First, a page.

This can occur due to irritation of the lining of the bladder due to recurrent infections, nerve damage to the nerves that control the bladder or frequent ingestion of irritants such as caffeine or acidic fruit juices.
Mixed Incontinence – Is when both conditions occur together.
Is when the bladder is blocked from emptying fully e.g. with an enlarged prostate and can result in a constant dribbling of urine. If this is happening for you contact your doctor for treatment options.
Other causes of incontinence include spinal injury or neurological disorders like Parkinson’s disease or MS.
This is blood in the urine. You must see your doctor if this happens, as it could be a sign of bladder cancer.
If bladder cancer is detected early it is usually curable, you will usually be referred to a Urologist for a camera test into the bladder called a cystoscopy and you may need to have an ultrasound scan of your kidneys.
Usually the cancer is adherent to the wall of the bladder and can be completely removed if detected early.
Risk factors for bladder cancer include smoking, almost 50% of those with bladder cancer smoke
Other risk factors include working in a dyeing industry and contact with other
Chemicals / pesticides.
This is a chronic inflammatory condition in the wall of the bladder that can cause pain when passing urine or mucus production. There is usually frequency or urination but no infection when you doctor tests the urine.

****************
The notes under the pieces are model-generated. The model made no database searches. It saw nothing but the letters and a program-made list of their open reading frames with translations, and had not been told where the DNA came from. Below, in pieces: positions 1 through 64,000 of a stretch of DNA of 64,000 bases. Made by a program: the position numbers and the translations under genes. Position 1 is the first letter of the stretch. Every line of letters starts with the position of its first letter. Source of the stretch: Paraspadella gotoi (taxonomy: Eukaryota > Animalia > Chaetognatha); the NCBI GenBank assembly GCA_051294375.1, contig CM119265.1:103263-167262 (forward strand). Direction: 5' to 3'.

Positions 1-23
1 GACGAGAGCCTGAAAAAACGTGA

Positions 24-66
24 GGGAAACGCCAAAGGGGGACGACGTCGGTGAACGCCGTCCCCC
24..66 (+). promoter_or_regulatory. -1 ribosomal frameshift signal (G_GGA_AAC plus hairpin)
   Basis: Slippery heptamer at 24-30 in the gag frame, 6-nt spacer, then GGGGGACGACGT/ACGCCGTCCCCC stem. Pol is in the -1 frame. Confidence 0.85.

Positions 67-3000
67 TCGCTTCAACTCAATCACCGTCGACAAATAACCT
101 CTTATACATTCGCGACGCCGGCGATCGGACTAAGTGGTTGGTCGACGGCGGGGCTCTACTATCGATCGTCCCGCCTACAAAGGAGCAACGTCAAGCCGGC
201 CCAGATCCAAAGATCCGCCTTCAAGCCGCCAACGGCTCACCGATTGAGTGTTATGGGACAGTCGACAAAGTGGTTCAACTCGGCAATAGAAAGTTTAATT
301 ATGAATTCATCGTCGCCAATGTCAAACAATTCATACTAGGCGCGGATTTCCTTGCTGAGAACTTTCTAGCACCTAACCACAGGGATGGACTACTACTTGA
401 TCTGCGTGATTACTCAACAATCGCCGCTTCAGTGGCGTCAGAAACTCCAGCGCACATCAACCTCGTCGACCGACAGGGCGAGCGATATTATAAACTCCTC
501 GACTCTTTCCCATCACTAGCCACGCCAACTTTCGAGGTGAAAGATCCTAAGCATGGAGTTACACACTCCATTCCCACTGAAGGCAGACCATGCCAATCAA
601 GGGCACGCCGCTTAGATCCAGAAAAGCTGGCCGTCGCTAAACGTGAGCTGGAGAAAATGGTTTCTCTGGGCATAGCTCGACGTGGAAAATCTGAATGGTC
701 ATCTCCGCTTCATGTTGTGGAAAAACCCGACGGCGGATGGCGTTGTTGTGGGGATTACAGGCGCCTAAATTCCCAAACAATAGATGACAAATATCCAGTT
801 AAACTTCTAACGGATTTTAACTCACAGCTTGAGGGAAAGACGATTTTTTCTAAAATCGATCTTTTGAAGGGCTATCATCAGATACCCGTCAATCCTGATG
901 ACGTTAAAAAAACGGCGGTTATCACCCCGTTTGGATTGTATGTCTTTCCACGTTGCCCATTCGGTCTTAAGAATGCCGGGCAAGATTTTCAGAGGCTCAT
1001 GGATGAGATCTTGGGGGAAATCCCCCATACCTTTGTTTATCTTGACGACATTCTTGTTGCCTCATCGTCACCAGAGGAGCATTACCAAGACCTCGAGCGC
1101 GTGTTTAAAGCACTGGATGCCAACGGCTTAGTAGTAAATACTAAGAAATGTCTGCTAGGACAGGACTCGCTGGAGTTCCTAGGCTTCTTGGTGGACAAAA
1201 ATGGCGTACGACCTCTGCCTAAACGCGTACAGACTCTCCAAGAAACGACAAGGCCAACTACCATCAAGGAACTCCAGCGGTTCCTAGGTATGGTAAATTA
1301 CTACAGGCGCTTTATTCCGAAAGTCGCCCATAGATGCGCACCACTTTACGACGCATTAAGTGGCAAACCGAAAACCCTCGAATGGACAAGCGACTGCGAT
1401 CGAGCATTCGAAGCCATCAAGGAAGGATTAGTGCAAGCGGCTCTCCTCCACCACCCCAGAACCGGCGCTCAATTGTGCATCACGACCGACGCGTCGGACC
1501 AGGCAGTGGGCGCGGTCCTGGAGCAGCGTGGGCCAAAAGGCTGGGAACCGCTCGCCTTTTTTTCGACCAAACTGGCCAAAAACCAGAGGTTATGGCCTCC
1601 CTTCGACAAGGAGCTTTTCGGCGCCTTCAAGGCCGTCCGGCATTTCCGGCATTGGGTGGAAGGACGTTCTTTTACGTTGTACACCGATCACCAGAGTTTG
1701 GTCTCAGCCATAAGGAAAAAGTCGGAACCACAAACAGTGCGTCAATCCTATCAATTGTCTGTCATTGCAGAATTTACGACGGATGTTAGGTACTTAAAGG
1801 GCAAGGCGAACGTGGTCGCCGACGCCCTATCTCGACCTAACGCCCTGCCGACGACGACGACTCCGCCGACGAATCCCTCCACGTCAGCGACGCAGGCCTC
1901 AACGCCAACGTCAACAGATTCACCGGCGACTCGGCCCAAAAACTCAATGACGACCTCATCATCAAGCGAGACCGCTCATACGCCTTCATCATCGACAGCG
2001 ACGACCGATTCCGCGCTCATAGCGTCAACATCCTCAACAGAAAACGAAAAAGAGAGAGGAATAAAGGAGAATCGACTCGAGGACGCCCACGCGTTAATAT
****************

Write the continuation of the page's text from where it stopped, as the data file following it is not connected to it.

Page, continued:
Women may experience pain during sexual intercourse and both men and women may experience groin pain.
This condition is more common in those with diabetes.
- Diet and bladder irritant review
- Lifestyle advice e.g. if you get up in the night to urinate don’t drink a glass of water before bedtime
- Medication in tablet or patch form
- Post Tibial nerve stimulation for overactive bladder
- There are surgical treatment options for prolapse
- Ring pessary may be helpful
- Better diabetic control
- Referral to the continence care clinic
- Referral to physiotherapist for pelvic floor exercises
- Referral to urologist or gynaecologist may be helpful
What can I do to maintain a healthy bladder?
- Over 40? check your urine annually
- If you see blood in your urine, see your doctor
- Don’t smoke, smokers are 2-3 times more likely to develop bladder cancer
- Avoid constipation; eat a diet high in vegetables
- Drink 4-6 glasses of water per day
- When toileting wipe from front to back
- When urinating don’t rush, take your time and void completely
- Urinate as soon as convenient after sexual intercourse
If you have any questions about anything you have read be sure to ask your doctor.
We are having an information evening on Women’s Health on Wednesday 26th March at 7pm and we hope you will attend for further information. We will also be having an information evening on men’s health in the near future.
We have a new calling system in the practice and feedback has been very positive so thank you for all your comments.
We have also streamlined the appointment system for the blood clinic and have received positive comments about this also, many thanks.
Patients are being called in sequence by their given appointment time. We would ask you not to arrive too early before your appointment time to avoid delays.
As always when booking appointments for any procedure or smear test it is important to let us know so that we can allocate the proper time for your appointment.
The evenings are getting longer and spring is in the air!
Have a Happy Healthy March.
From Dr Steele and everyone at Buncrana Medical Centre